Ottawa is the capital city of Canada. It stands on the south bank of the Ottawa River in the eastern portion of southern Ontario. Ottawa borders Gatineau, Quebec; as of 2016, Ottawa had a city population of 964,743 and a metropolitan population of 1,323,783 making it the fourth-largest city and the fifth-largest CMA in Canada. Founded in 1826 as Bytown, incorporated as Ottawa in 1855, the city has evolved into the political centre of Canada, its original boundaries were expanded through numerous annexations and were replaced by a new city incorporation and amalgamation in 2001 which increased its land area. The city name "Ottawa" was chosen in reference to the Ottawa River, the name of, derived from the Algonquin Odawa, meaning "to trade". Ottawa has the most educated population among Canadian cities and is home to a number of post-secondary and cultural institutions, including the National Arts Centre, the National Gallery, numerous national museums. Ottawa has the highest standard of living in low unemployment.
With the draining of the Champlain Sea around ten thousand years ago, the Ottawa Valley became habitable. Local populations used the area for wild edible harvesting, fishing, trade and camps for over 6500 years; the Ottawa river valley has archaeological sites with arrow heads and stone tools. Three major rivers meet within Ottawa, making it an important trade and travel area for thousands of years; the Algonquins called the Ottawa River Kichi Sibi or Kichissippi meaning "Great River" or "Grand River". Étienne Brûlé regarded as the first European to travel up the Ottawa River, passed by Ottawa in 1610 on his way to the Great Lakes. Three years Samuel de Champlain wrote about the waterfalls in the area and about his encounters with the Algonquins, using the Ottawa River for centuries. Many missionaries would follow the early traders; the first maps of the area used the word Ottawa, derived from the Algonquin word adawe, to name the river. Philemon Wright, a New Englander, created the first settlement in the area on 7 March 1800 on the north side of the river, across from the present day city of Ottawa in Hull.
He, with five other families and twenty-five labourers, set about to create an agricultural community called Wrightsville. Wright pioneered the Ottawa Valley timber trade by transporting timber by river from the Ottawa Valley to Quebec City. Bytown, Ottawa's original name, was founded as a community in 1826 when hundreds of land speculators were attracted to the south side of the river when news spread that British authorities were constructing the northerly end of the Rideau Canal military project at that location; the following year, the town was named after British military engineer Colonel John By, responsible for the entire Rideau Waterway construction project. The canal's military purpose was to provide a secure route between Montreal and Kingston on Lake Ontario, bypassing a vulnerable stretch of the St. Lawrence River bordering the state of New York that had left re-supply ships bound for southwestern Ontario exposed to enemy fire during the War of 1812. Colonel By set up military barracks on the site of today's Parliament Hill.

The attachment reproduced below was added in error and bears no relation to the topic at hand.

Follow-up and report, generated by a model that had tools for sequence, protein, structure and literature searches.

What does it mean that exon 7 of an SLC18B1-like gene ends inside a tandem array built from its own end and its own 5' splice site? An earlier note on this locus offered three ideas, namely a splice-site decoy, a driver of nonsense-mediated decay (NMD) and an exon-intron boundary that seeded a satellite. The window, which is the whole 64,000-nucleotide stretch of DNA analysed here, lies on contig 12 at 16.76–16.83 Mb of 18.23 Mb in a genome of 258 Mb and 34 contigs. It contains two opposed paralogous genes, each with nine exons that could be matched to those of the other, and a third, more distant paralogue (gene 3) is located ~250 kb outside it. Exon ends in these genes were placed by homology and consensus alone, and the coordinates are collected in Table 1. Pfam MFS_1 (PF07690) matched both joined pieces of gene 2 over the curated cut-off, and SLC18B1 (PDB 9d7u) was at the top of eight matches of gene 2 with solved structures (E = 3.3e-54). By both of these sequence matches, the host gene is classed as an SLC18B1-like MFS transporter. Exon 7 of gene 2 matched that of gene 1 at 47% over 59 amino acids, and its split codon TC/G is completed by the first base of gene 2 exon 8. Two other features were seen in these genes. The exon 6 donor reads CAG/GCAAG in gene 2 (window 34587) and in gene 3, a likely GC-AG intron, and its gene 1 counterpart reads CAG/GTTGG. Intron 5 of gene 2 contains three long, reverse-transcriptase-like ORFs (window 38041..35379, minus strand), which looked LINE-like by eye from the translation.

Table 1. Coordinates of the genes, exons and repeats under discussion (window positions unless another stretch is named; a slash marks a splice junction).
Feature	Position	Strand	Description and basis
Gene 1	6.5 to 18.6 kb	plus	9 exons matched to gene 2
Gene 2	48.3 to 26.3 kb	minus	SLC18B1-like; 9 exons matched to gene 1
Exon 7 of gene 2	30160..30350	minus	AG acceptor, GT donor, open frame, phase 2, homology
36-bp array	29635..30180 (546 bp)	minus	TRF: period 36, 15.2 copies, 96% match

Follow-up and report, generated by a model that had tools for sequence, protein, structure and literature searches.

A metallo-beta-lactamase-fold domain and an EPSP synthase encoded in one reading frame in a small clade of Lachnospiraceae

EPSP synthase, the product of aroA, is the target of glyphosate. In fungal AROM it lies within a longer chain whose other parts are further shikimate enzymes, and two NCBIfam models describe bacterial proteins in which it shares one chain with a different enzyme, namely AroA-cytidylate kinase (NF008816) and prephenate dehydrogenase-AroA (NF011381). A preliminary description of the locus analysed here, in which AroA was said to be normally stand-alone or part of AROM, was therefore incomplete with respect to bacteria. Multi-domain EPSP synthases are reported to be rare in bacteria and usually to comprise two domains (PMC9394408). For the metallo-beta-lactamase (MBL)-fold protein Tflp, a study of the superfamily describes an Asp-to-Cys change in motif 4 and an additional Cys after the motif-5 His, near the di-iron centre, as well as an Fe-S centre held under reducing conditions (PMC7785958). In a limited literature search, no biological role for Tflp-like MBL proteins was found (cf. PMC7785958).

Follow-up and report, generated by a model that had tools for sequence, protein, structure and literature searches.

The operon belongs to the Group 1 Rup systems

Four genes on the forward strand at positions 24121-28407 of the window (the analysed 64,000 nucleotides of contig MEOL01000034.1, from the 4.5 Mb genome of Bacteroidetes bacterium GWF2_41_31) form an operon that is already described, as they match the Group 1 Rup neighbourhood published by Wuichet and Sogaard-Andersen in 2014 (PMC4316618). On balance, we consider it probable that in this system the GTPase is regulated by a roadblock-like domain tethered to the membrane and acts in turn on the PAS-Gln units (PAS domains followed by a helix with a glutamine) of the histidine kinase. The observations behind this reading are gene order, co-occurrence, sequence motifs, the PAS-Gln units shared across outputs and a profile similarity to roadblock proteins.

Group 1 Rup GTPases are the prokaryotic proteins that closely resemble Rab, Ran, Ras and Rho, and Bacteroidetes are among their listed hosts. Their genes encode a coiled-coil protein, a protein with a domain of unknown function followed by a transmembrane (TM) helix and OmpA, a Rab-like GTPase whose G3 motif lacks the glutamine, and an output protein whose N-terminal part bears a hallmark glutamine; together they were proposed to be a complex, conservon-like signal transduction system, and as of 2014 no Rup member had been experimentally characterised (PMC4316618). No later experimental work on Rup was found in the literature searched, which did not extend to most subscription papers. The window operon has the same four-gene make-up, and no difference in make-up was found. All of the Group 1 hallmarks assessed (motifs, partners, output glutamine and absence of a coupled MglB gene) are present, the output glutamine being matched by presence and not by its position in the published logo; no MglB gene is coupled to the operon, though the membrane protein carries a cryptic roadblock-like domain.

He laid out the streets of the town and created two distinct neighbourhoods named "Upper Town" west of the canal and "Lower Town" east of the canal. Similar to its Upper Canada and Lower Canada namesakes "Upper Town" was predominantly English speaking and Protestant whereas "Lower Town" was predominantly French and Catholic. Bytown's population grew to 1,000 as the Rideau Canal was being completed in 1832. Bytown encountered some impassioned and violent times in her early pioneer period that included Irish labour unrest that attributed to the Shiners' War from 1835 to 1845 and political dissension evident from the 1849 Stony Monday Riot. In 1855 Bytown was incorporated as a city. William Pittman Lett was installed as the first city clerk guiding it through 36 years of development. On New Year's Eve 1857, Queen Victoria, as a symbolic and political gesture, was presented with the responsibility of selecting a location for the permanent capital of the Province of Canada. In reality, Prime Minister John A. Macdonald had assigned this selection process to the Executive Branch of the Government, as previous attempts to arrive at a consensus had ended in deadlock.
The "Queen's choice" turned out to be the small frontier town of Ottawa for two main reasons: Firstly, Ottawa's isolated location in a back country surrounded by dense forest far from the Canada–US border and situated on a cliff face would make it more defensible from attack. Secondly, Ottawa was midway between Toronto and Kingston and Montreal and Quebec City. Additionally, despite Ottawa's regional isolation it had seasonal water transportation access to Montreal over the Ottawa River and to Kingston via the Rideau Waterway. By 1854 it had a modern all season Bytown and Prescott Railway that carried passengers and supplies the 82-kilometres to Prescott on the Saint Lawrence River and beyond. Ottawa's small size, it was thought, would make it less prone to rampaging politically motivated mobs, as had happened in the previous Canadian capitals; the government owned the land that would become Parliament Hill which they thought would be an ideal location for the Parliament Buildings. Ottawa was th